Pesto is a great way to add excitement to an ordinary meal and get some health benefits too. Forget the standard basil pesto though if you want to grow your own. Apart from a brief window of opportunity in the middle of summer when basil grows well, it is a temperamental plant that sulks at the smallest hint of cold. Then there is the price of the traditional pine nuts, which makes this not an everyday option.
The good news is that pesto can be made from a huge range of easily available ingredients out of your very own garden. Even better they are full of nutrients, and a great way to get the health benefits of a range of greens especially in winter and early spring when pickings are slim…a little bit goes a long way.
Foraged pesto is an easy and exciting way to turn a seemingly ordinary meal into something to tickle your taste buds. Try popping a dollop of pesto on top of your next bowl of soup or casserole, or use it to dress mashed potatoes. Not only will the pesto add a flavour pop to your next meal it also adds a good dose of vitamins and minerals from all those lovely fresh ingredients.
You can still stir this foraged pesto through the traditional bowl of pasta for a quick and tasty meal or have it with your next cheese and crackers, but there are so many other uses. Try it on toast as a spread with avacado and tomato. Mix with cream cheese and use on sandwiches next time you need a plate for an event. You can also add extra olive oil to the foraged pesto to make a dressing for your next salad.
The variations are endless for this foraged pesto. The pesto in this photo was made predominately with rocket, and sunflower seeds. I also added a couple of leaves of puha and cress. Adding a bit of mint is particularly good as a salad dressing. Walnuts go well with some of the stronger flavours such as rocket and parsley. Experiment with what’s in your garden, I would love to hear from you.
A note about mortar and pestles:
Mortar and pestles are one of those traditional pieces of kitchen equipment I wouldn’t be without. Mine was bought over 30 years ago and will get many more years of use yet. Of course you could use a good blender or food processor for this recipe, but there are several advantages to the mortar and pestle. The mortar and pestle give a creamier consistency to your pesto, than any blender I have tried. They are also much easier to clean and who wants more cleaning! You can also serve your pesto in the mortar directly to the table, as they are attractive in their own right (saving even more cleaning). There is also something very therapeutic about the traditional grinding and pounding action, that our ancestors have been using to prepare food since the Stone Age. Plus, they never break down.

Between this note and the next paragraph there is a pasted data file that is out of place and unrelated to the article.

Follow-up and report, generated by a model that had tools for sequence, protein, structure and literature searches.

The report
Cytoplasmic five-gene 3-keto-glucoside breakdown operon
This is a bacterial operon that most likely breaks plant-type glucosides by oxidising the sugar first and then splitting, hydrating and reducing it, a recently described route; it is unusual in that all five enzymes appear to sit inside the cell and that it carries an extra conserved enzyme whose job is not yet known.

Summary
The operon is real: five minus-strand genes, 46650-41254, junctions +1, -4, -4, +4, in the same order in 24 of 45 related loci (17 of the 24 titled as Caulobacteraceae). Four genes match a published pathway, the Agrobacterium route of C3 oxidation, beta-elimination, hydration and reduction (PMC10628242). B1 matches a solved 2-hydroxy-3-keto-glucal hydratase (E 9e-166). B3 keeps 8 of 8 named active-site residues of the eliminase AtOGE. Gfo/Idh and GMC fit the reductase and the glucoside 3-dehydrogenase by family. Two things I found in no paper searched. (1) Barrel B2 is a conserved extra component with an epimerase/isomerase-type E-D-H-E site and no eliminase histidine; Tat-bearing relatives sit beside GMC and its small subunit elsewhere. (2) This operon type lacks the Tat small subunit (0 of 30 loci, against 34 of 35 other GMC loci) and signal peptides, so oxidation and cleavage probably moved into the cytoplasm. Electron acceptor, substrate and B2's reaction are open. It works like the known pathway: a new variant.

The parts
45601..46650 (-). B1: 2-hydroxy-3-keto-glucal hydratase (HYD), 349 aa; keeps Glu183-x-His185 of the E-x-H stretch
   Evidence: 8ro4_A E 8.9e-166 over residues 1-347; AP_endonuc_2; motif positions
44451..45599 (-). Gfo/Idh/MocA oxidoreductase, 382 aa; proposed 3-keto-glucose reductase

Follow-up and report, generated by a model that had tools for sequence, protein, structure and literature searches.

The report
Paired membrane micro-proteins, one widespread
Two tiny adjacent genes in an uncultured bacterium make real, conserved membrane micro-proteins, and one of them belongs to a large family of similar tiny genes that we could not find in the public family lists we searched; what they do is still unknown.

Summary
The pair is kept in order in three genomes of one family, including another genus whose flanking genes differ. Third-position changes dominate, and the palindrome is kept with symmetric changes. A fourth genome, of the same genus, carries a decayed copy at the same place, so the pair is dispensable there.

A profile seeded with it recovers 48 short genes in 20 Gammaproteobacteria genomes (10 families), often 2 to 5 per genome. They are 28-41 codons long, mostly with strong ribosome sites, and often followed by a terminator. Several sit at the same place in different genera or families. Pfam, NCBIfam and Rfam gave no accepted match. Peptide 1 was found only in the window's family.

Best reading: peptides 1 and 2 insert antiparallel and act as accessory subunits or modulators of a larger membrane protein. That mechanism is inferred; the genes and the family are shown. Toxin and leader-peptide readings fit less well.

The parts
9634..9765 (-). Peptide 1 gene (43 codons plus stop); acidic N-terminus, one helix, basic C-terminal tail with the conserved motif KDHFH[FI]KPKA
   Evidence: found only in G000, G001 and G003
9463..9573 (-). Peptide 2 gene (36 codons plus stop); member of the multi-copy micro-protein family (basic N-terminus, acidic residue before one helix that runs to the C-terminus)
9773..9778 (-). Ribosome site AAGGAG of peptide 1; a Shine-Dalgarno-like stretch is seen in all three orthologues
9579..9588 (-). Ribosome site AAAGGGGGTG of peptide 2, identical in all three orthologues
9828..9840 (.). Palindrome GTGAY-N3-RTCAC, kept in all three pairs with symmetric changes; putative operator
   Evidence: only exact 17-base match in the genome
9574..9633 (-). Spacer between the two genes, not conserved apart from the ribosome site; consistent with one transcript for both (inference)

- 1-2 cups Fresh foraged greens e.g. rocket, parsley, kale, NZ spinach, coriander, chickweed, puha, dandelion leaves, plantain
- 1/2 cup Nuts or seeds of your choice e.g. walnuts, hazelnuts, sunflower seeds
- 1 clove Garlic coarsely chopped (optional)
- 1-2 tbsp Lemon or lime juice
- 1 pinch Salt
- 3 tbsp Olive oil plus extra for a runnier consistency
- Rinse if necessary your collected greens and remove any thick stalks.
- Coarsely chop the greens.
- Place nuts and/or seeds of choice in a mortar and pestle, add salt, lemon juice, chopped garlic, and half the greens.
- Use the pestle to grind and pound this mix till a paste is formed, gradually adding the rest of the greens.
- Gradually add the olive oil till the pesto is of the consistency you require.
- Pesto is best served fresh, but can be stored in the fridge in an airtight container for up to three days.